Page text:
Sportvision settles lawsuit; heats up NFL with Freezecam
By Ken Kerschbaumer
It’s been a busy few weeks at Sportvision as the company today settled a long-pending patent infringement lawsuit with SportsMEDIA while heating up CBS Sports NFL coverage with Freezecam. Under the terms of the settlement agreement, SportsMEDIA, which provides virtual first-down technology to NBC Sports and others, will take a license under Sportvision’s patents in the virtual insertion technology area. As a result, the patent infringement case has now been dismissed between the companies.
“We’re very please to announce the settlement,” says Hank Adams, Sportvision CEO. “We’re enthused because it validates our intellectual property and we’re more than happy to compete with market-based solutions.” Sportvision now holds roughly 80% of the virtual first-down market.
Adams says there were a number of patents involved, including how to key the first-down line color under a player via multiple inclusion and exclusion of colors and using a 3D graphic model of the field to do insertion.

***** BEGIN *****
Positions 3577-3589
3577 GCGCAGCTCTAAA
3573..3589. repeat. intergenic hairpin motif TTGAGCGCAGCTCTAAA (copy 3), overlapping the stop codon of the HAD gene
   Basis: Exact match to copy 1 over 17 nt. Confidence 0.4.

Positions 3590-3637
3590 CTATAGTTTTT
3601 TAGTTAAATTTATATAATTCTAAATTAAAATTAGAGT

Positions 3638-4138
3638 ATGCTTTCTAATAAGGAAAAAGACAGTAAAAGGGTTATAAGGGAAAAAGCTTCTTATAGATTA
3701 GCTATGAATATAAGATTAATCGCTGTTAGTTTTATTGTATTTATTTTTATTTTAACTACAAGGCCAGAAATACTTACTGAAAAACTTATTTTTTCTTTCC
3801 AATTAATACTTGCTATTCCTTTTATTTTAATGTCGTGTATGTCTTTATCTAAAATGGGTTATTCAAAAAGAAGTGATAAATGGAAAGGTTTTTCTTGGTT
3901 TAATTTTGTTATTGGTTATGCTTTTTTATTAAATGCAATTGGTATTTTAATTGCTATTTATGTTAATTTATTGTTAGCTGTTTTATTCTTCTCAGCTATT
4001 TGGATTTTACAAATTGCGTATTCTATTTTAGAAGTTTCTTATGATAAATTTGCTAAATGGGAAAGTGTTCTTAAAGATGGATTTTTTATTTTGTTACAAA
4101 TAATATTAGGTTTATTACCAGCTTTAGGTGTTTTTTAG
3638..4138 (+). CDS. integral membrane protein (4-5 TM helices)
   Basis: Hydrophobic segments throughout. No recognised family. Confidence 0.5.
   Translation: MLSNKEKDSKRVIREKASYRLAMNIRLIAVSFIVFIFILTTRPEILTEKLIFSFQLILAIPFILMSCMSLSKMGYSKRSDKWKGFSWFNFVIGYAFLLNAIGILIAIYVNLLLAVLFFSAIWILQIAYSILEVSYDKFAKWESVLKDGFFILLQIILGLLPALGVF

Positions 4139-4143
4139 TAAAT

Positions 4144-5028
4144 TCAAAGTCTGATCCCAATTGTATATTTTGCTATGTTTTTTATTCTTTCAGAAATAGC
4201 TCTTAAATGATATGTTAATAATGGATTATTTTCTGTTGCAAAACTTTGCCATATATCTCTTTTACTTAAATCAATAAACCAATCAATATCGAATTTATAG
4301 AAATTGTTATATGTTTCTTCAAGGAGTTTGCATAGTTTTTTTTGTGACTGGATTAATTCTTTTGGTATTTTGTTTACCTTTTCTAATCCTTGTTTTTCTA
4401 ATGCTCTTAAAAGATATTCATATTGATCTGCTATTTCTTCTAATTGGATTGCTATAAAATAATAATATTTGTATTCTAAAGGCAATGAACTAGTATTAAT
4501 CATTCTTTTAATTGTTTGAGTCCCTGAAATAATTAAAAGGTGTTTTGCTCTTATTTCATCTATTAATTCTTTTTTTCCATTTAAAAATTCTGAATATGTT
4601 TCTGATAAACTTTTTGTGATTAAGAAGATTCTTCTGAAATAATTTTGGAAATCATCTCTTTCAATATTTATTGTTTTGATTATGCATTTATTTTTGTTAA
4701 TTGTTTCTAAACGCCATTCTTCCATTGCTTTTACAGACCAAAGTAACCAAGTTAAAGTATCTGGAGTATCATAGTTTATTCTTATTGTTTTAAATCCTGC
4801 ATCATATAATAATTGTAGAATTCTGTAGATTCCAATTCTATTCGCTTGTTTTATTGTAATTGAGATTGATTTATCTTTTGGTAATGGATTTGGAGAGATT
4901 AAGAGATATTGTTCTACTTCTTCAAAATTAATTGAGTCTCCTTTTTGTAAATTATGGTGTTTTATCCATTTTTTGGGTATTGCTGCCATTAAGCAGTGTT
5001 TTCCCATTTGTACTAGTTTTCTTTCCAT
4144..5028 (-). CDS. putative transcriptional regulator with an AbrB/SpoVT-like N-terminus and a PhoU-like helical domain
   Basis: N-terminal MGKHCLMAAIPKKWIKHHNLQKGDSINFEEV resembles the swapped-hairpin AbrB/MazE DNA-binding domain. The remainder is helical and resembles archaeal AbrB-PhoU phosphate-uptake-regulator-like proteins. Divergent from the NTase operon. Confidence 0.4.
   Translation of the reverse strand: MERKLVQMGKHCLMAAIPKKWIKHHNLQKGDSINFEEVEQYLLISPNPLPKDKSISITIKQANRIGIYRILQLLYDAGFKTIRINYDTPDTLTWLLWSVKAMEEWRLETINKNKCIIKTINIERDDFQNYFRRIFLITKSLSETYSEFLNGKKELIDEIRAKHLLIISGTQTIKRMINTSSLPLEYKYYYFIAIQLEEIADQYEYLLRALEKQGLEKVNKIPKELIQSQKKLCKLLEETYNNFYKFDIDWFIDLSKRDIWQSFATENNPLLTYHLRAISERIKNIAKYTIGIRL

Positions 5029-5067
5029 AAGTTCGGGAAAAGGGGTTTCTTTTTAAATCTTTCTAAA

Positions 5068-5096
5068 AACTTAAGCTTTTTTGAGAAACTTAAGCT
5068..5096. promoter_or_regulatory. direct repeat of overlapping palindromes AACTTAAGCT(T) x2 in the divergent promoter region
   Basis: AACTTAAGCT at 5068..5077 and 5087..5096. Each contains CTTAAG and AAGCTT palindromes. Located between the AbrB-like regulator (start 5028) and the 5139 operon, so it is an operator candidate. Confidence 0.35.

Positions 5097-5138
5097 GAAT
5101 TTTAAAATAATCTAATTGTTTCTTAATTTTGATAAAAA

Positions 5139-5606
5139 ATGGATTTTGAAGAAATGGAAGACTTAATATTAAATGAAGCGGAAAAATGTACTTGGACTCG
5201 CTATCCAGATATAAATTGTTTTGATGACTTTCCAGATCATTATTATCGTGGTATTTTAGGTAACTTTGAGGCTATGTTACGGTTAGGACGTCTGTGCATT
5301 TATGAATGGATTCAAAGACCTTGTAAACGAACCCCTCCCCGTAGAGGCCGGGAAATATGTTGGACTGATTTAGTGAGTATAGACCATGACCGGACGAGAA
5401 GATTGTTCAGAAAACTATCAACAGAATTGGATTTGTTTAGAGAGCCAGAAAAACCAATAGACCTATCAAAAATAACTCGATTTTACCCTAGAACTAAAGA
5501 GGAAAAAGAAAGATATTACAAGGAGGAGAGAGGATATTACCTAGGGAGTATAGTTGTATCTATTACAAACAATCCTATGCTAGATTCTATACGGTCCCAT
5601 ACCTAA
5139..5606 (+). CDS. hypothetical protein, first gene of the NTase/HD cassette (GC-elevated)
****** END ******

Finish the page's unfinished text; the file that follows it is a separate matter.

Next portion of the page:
With the lawsuit behind them Sportvision can now turn its full attention to creating new enhancements, like the Freezecam that debuted during the CBS Sports record-breaking broadcast of the Indianapolis Colts vs. New England Patriots game two weeks ago.
Freezecam allows CBS football analysts to freeze a high-resolution image of a play during the telecast and scan around the image to point out aspects of the play that were not originally broadcast to viewers.
“When the user freezes the video where, say Tom Brady is going back to pass as the system pans out it transitions to the still photo which has a wider field of view,” explains Adams.
The system works by slaving a Canon 1Ds Mark II 16.7 megapixel camera to the broadcast camera lens. The Canon 1Ds has a wider field of view than the video camera and is controlled remotely from the production truck. An EVS server at the truck captures all uncompressed camera feeds while another computer runs the Freezecam application and matches the video and the still photo.
“The user then creates an animation by moving and zooming around the still image,” adds Adams.
While the use by CBS marks the first time Freezecam has hit the gridiron viewers may have seen it before. Last year it was used by ESPN during the NBA playoffs.